The Kitchen


            Well, we've had lots of movies about men being gangsters, but about women turning into gangsters, not so much.  The premise here is that in the 1970's, in Hell's Kitchen, where the Irish Mob prevails, three thugs got sent to prison.  Their wives were supposed to be “taken care of” by the other guys, but the financial support, it turned out, was negligible.  So, our three women-in-waiting decided to take matters into their own hands.

            The racket here is basically a protection scheme, except some of their regular clients had quit paying because they weren't getting the service they thought they were paying for:  their stores were still being robbed.  So the women let all the street hoods know who's boss.  The three easily re-claim the extortion territory: Claire (Elisabeth Moss) and Kathy (Melissa McCarthy) and Ruby (Tiffany Haddish).  You may have noticed that last one isn't Irish. So yes, there are a few racial dynamics here, but really, it's all about the new sisterhood of empowerment.  Suddenly flush with cash, the ladies start wearing nicer clothes and finer jewelry.  They eat well.  Kathy's kids are doing well in school.  Claire has a new boyfriend.  And they're not so sure they're all that eager for their men to get out of prison and complicate things.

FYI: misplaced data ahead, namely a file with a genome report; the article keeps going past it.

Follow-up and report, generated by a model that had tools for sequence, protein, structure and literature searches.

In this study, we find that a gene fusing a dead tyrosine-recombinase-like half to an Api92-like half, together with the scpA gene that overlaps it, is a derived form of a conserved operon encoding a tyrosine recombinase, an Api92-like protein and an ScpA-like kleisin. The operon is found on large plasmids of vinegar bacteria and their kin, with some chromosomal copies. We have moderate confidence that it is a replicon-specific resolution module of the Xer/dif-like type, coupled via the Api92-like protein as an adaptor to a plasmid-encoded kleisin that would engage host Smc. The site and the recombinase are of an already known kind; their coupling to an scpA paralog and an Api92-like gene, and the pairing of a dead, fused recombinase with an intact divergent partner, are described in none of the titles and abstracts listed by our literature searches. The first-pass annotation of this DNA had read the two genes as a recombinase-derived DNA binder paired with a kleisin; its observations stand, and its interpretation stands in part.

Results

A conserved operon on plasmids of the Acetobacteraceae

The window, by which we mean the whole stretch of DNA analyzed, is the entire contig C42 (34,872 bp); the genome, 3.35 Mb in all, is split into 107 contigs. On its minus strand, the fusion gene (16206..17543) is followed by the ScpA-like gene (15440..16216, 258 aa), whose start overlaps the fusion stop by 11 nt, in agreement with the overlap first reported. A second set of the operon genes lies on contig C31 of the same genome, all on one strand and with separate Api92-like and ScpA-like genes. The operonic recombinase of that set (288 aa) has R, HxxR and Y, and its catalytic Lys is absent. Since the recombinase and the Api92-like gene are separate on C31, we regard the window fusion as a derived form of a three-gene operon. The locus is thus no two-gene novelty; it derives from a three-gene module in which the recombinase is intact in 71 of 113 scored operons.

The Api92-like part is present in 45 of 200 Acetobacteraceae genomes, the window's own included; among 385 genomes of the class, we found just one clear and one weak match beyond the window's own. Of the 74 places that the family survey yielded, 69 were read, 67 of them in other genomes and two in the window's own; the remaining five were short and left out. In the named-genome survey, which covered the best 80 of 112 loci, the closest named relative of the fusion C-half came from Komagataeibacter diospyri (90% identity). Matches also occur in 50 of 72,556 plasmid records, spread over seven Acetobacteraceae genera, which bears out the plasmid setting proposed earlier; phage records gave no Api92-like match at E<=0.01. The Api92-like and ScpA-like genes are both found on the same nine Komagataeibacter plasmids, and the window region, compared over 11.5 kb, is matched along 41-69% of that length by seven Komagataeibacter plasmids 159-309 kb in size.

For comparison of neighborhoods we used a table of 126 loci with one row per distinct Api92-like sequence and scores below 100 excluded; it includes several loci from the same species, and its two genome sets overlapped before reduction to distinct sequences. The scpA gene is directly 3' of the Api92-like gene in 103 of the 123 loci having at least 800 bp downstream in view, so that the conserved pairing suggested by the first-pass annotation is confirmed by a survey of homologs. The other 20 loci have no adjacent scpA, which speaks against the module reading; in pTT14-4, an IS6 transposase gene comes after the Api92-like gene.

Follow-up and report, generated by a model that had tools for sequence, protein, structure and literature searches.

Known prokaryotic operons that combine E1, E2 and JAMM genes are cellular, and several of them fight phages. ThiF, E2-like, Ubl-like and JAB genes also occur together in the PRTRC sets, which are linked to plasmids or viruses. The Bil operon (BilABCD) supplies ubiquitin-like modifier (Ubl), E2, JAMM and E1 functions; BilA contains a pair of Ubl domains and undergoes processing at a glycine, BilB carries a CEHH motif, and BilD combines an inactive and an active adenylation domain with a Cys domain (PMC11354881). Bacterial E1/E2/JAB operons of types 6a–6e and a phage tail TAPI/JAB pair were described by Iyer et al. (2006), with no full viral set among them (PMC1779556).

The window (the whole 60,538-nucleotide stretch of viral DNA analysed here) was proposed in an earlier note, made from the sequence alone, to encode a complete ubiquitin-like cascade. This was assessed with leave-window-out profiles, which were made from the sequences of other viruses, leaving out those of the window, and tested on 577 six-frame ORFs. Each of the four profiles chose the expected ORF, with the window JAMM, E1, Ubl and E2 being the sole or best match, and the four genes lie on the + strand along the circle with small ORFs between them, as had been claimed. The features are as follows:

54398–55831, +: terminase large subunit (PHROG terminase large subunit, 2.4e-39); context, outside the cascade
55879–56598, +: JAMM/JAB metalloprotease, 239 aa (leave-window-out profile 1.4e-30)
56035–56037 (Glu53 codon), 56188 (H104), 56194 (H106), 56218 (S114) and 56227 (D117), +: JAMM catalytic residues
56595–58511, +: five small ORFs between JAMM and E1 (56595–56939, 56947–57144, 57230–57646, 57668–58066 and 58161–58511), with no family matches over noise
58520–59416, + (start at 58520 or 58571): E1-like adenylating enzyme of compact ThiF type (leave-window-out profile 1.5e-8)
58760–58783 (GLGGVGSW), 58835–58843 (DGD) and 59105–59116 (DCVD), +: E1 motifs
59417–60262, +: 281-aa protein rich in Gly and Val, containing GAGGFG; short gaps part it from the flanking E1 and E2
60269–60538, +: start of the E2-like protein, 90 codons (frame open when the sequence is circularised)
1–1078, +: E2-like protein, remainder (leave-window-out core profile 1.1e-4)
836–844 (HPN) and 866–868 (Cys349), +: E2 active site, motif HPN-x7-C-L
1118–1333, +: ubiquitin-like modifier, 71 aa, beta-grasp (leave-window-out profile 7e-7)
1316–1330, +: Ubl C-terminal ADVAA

Of course, things get more complicated on their own.  The Italian Mob over in Brooklyn have taken notice of the change of leadership, and of course they want a piece of that action, as well.  Accomodations will have to be reached, or else.  And of course we get to find out about the “or else.”  The same with an adjoining neighborhood of Hasidic Jews, who, it turns out, are also very interested in who gets the neighborhood construction contracts.

            The current political correctness would demand that we root for these formerly-downtrodden women as they take charge of their own lives.  And we are glad to see an increase in self-confidence.  But at what cost?  They've become completely different people.  To not put a delicate spin on it, they've become hardened criminals themselves.  It's not exactly charming or endearing.

            Yes, we have a nice 70's soundtrack, and we get to see authentic costumes and cars, just for a bit of nostalgia.  But it's not exactly uplifting.  More like a Descent Into Thuggery.  And the viewer is dragged down to the gutter with them.  There are probably better ways to spend those 100 minutes.


Dr. Ronald P. Salfen, DFW Film Critics Association